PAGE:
Vesicular neurotransmitter transporters (VNTs) mediate the selective uptake and enrichment of small molecule neurotransmitters into synaptic vesicles (SVs) and are therefore a major determinant of the synaptic output of specific neurons. To identify novel VNTs expressed on SVs (thus identifying new neurotransmitters and/or neuromodulators), we conducted localization profiling of 361 solute carrier (SLC) transporters tagging with a fluorescent protein in neurons, which revealed 40 possible candidates through comparison with a known SV marker. We parallelly performed proteomics analysis of immunoisolated SVs and identified 7 transporters in overlap. Ultrastructural analysis confirmed one of the transporters, SLC35D3, localized to SVs. Finally, by combining metabolite profiling with a radiolabeled substrate transport assay, we identified UDP-glucose as the principal substrate for SLC35D3. These results provide new insights into the functional role of SLC transporters in neurotransmission and improve our understanding of the molecular diversity of chemical transmitters.
All data generated or analysed during this study are included in the manuscript and supporting files.
- Yulong Li
- Yulong Li
- Yulong Li
The funders had no role in study design, data collection and interpretation, or the decision to submit the work for publication.
Animal experimentation: All animal procedures were performed using protocols approved by the Institutional Animal Care and Use Committee at Peking University. ( LSC LiYL 1 )
- Rebecca Seal, University of Pittsburgh School of Medicine, United States
© 2021, Qian et al.
This article is distributed under the terms of the Creative Commons Attribution License permitting unrestricted use and redistribution provided that the original author and source are credited.
During flight maneuvers, insects exhibit compensatory head movements which are essential for stabilizing the visual field on their retina, reducing motion blur, and supporting visual self-motion estimation. In Diptera, such head movements are mediated via visual feedback from their compound eyes that detect retinal slip, as well as rapid mechanosensory feedback from their halteres - the modified hindwings that sense the angular rates of body rotations. Because non-Dipteran insects lack halteres, it is not known if mechanosensory feedback about body rotations plays any role in their head stabilization response. Diverse non-Dipteran insects are known to rely on visual and antennal mechanosensory feedback for flight control. In hawkmoths, for instance, reduction of antennal mechanosensory feedback severely compromises their ability to control flight. Similarly, when the head movements of freely-flying moths are restricted, their flight ability is also severely impaired. The role of compensatory head movements as well as multimodal feedback in insect flight raises an interesting question: in insects that lack halteres, what sensory cues are required for head stabilization? Here, we show that in the nocturnal hawkmoth Daphnis nerii, compensatory head movements are mediated by combined visual and antennal mechanosensory feedback. We subjected tethered moths to open-loop body roll rotations under different lighting conditions, and measured their ability to maintain head angle in the presence or absence of antennal mechanosensory feedback. Our study suggests that head stabilization in moths is mediated primarily by visual feedback during roll movements at lower frequencies, whereas antennal mechanosensory feedback is required when roll occurs at higher frequency. These findings are consistent with the hypothesis that control of head angle results from a multimodal feedback loop that integrates both visual and antennal mechanosensory feedback, albeit at different latencies. At adequate light levels, visual feedback is sufficient for head stabilization primarily at low frequencies of body roll. However, under dark conditions, antennal mechanosensory feedback is essential for the control of head movements at high of body roll.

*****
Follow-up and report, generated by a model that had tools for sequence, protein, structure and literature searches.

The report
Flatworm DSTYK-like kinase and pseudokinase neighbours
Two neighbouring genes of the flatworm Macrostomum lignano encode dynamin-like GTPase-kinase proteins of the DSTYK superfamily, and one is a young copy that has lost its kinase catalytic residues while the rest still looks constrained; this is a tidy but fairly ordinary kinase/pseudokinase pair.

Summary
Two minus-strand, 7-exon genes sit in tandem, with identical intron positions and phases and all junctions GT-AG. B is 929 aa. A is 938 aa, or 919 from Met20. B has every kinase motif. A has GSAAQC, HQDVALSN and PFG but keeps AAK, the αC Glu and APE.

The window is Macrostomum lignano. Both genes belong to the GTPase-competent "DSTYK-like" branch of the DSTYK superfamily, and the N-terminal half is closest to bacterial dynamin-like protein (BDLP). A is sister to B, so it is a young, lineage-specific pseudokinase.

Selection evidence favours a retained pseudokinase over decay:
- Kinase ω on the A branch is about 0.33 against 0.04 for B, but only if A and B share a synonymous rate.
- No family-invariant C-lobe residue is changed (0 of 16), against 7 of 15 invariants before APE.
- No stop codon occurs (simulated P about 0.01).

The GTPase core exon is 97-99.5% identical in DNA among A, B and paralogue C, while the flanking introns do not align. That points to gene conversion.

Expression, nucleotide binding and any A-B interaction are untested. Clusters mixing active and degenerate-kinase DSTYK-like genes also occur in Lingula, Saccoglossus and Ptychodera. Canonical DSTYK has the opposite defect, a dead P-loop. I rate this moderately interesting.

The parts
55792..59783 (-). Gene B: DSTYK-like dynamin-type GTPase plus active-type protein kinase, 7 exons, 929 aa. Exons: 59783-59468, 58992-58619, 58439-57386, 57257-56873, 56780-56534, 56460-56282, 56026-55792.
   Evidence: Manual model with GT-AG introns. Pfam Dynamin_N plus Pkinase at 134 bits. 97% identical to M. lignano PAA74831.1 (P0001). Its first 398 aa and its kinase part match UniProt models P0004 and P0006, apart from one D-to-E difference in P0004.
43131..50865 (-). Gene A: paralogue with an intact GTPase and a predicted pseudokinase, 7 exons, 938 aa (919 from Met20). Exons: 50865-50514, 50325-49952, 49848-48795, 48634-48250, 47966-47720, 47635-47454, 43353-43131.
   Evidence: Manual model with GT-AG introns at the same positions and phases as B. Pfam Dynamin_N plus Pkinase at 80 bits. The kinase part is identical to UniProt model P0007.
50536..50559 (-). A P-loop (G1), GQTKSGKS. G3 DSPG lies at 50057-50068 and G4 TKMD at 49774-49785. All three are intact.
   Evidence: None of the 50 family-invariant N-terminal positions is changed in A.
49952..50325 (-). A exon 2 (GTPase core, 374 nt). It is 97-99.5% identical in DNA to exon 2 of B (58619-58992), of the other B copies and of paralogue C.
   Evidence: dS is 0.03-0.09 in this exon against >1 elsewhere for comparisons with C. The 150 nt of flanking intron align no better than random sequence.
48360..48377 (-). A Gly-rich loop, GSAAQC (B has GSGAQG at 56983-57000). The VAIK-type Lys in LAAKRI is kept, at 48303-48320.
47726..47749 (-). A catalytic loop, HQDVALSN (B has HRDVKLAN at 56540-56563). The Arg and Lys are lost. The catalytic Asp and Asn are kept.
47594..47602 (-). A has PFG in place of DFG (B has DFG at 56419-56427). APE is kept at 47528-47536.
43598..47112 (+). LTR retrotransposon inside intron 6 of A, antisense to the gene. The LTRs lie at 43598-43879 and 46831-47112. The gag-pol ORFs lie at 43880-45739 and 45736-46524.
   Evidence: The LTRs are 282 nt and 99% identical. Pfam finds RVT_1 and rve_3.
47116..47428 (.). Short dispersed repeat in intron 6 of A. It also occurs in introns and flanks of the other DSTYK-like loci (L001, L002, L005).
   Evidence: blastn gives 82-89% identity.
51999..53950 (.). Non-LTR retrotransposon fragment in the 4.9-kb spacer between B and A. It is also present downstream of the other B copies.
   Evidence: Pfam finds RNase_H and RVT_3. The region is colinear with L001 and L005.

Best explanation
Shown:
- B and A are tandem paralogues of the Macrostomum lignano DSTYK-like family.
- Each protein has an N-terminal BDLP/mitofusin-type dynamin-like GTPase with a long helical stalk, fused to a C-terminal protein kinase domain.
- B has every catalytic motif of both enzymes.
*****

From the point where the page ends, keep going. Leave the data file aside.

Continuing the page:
Efficient neurotransmission is essential for organism survival and is enhanced by myelination. However, the genes that regulate myelin and myelinating glial cell development have not been fully characterized. Data from our lab and others demonstrates that cd59, which encodes for a small GPI-anchored glycoprotein, is highly expressed in developing zebrafish, rodent, and human oligodendrocytes (OLs) and Schwann cells (SCs), and that patients with CD59 dysfunction develop neurological dysfunction during early childhood. Yet, the function of Cd59 in the developing nervous system is currently undefined. In this study, we demonstrate that cd59 is expressed in a subset of developing SCs. Using cd59 mutant zebrafish, we show that developing SCs proliferate excessively and nerves may have reduced myelin volume, altered myelin ultrastructure, and perturbed node of Ranvier assembly. Finally, we demonstrate that complement activity is elevated in cd59 mutants and that inhibiting inflammation restores SC proliferation, myelin volume, and nodes of Ranvier to wildtype levels. Together, this work identifies Cd59 and developmental inflammation as key players in myelinating glial cell development, highlighting the collaboration between glia and the innate immune system to ensure normal neural development.